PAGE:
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If you want to argue politics in the modern world you immediately find yourself hamstrung by definitions imposed on you by politicians who have laid out the rhetorical terrain. So the best way to deal with it is to refuse to play the game by the rules. These Christians offer an alternative vision that addresses political problems from a humble and inclusive Christian perspective that doesn't argue about things so much as reveal things.

Let me give you an example of this. At the end of my book, I say these people don't want to change the world. Changing the world is not their number one priority. Their number one priority is to love and serve the world in the light of Christian revelation. Now if that means that you have to stand up to an injustice, if that means you have to change the way the mass media is run, or change curriculums or something, that will mean that you will engage in dialogue with people, and you will witness, and you will listen. You don't come in with this top down agenda and take everybody's life apart so that you can put it back together again.

[Kentucky writer and farmer] Wendell Berry's method is to ask how this reform is going to affect my community and enter into dialogue with the people for whom these political reforms are going to change. The guy I think who was really on to this is Dostoyevsky. I guess you could call him a sentimental naturalist in his first book, Poor Folk. And then he was sent to the camps and he had his eye opened to the true nature of human beings. He came back and said until we deal with the irrational in man and healing one's suspicions of another, you could have the greatest political ideology and people would subvert it out of sheer spite. Somehow, trust has to be regained between people before you can talk about politics. And that's why ideological posturing, even if you're right, is counterproductive.

What kind of impact have these thinkers had, or should have?

In the 20th century, the contemplative side of Christianity was made much more accessible by Merton's Seven Storey Mountain. Solzhenitsyn also had a great world impact.

Some of Martin Luther King Jr.'s views have been misunderstood or co-opted. We think of him more as a civil-rights icon than as an engaged prophetic Christian trying to figure out non violence. I think he had a much more troubled, interesting, complex message to America than what we have decided it was in our history books and in our one-paragraph summaries of him. I would say that his legacy probably has not been fully understood.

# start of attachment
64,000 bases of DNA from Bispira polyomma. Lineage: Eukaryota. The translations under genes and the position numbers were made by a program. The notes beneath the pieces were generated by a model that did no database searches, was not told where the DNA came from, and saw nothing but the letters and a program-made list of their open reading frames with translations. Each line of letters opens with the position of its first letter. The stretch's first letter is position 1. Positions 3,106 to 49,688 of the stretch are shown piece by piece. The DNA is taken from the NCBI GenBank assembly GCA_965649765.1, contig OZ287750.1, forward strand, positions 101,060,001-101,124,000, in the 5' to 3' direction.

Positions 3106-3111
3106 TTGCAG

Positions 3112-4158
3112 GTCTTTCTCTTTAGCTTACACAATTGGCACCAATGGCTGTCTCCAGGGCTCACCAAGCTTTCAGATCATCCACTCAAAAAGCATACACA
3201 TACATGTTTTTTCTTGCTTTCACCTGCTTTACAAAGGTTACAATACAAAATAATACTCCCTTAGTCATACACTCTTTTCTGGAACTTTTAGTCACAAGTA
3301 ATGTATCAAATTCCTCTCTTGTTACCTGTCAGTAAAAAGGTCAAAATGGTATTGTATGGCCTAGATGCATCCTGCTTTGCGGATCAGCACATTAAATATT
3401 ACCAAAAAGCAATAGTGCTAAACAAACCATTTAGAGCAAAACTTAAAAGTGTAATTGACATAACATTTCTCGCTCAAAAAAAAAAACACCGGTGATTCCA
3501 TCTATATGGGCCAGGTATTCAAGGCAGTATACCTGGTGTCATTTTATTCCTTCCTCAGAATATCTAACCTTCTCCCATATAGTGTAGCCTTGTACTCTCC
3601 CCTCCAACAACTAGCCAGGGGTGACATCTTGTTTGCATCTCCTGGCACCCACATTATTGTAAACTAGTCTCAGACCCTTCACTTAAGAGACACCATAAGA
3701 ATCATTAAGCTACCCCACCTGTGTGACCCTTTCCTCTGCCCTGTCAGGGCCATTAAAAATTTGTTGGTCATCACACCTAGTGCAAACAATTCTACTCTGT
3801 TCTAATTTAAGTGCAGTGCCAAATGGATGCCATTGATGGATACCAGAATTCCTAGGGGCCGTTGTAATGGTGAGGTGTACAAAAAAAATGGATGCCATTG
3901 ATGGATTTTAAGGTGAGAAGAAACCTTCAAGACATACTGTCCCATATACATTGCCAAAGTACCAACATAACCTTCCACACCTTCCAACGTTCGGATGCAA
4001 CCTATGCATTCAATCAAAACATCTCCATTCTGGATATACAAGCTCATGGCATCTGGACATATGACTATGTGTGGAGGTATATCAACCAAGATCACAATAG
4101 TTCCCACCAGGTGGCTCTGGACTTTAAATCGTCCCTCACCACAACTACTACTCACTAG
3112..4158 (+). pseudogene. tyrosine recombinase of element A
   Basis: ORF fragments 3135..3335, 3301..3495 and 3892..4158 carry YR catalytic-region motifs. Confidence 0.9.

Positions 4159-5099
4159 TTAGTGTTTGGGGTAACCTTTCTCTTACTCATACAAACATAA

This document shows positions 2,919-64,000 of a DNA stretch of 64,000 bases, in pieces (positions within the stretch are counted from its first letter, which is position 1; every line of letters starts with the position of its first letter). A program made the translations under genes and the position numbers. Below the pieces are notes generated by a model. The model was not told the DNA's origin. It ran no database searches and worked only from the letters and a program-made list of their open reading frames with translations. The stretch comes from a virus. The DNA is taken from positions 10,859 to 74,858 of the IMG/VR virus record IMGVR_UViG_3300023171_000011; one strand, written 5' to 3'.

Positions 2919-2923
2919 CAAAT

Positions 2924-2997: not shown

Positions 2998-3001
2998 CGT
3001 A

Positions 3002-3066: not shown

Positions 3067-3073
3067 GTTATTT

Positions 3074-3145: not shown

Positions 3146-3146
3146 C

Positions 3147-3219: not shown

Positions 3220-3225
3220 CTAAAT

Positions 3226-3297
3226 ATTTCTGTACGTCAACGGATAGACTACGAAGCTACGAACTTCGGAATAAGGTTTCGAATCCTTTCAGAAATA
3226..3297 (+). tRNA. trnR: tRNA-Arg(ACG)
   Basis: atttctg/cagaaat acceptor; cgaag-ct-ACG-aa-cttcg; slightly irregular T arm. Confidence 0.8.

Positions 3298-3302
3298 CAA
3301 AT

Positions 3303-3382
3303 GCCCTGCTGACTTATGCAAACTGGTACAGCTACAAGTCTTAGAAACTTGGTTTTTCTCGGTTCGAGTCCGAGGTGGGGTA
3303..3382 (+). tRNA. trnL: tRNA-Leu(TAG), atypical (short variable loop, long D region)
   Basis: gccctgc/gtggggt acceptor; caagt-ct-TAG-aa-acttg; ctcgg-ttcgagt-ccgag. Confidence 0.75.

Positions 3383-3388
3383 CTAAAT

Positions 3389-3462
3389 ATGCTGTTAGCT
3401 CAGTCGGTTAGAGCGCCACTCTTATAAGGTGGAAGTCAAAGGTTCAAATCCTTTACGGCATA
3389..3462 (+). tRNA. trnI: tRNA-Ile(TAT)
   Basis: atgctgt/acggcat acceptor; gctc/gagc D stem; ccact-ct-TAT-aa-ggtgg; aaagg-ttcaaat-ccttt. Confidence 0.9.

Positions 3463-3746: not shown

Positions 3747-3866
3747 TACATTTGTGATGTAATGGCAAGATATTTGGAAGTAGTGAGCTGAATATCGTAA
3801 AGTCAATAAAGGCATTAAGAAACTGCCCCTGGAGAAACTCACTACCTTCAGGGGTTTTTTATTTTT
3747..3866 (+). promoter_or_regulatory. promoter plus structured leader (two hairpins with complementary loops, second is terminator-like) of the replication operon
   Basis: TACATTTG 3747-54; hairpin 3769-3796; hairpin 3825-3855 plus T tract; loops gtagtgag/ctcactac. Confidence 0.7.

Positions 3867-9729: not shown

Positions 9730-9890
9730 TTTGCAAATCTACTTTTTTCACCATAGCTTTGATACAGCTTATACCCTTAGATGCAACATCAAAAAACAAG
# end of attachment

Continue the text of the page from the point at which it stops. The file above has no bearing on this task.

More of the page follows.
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I don't think the full impact of what Schumacher has written about economics has really hit yet, the defense of family business and local community economies. That's starting to have resurgence in the third world with these micro credit organizations. If you start taking Schumacher seriously, then economics is due for a quantum leap, and that hasn't happened yet. We need to rethink the way we do economics, to question the assumption that we're all self-maximizing individuals.

I think Northrop Frye is another one who was understood too quickly, or misunderstood. Literary studies over the past 20 years has been struggling with a lot of competing materialisms. Frye had offered in the early 60s a radical mystic contemplative vision of the literary studies, which doomed him to obsolescence in 1963. But now that practices like lectio divina and those contemplative ways of reading are being rediscovered, you look back at Northrop Frye, and he's the guy who provides the most interesting ideas and paradigms. But I think such a recovery is going to have to be done by religious folk. Because if you try secularizing his categories, they just don't work. It's only through religious eyes that Frye's literary cosmology makes sense, in the same way that Lord of the Rings has a deeper meaning to those who see its Christian themes.

In Frye's letters and journals and also his sermons, because he was a pastor, you get to see the full Christian dimension of his thinking. He discussed how to read prophetically, how to read contemplatively. These were issues that Frye addressed that the last 20- 25-five years of literary criticism just ignored. I think what's going to happen in about 10 years is they're going to rediscover the language in which Frye was writing and learn he was trying to teach us how to read in a way that deepened our inner lives, not just increased our intellectual sophistication.

Related Elsewhere:

Subversive Orthodoxy: Outlaws, Revolutionaries, and Other Christians in Disguise is available from and other book retailers.

More information is available from Brazos Press.

Zachry O. Kincaid, director of the Matthew's House Project, reviewed Subversive Orthodoxy.

Dorthy Day, Thomas Merton, Walker Percy, and Flannery O'Connor (who is not included in Inchausti's book) were all written about in The Life You Save May Be Your Own, by Paul Elie. An interview with Elie and a review of the book are available on our site.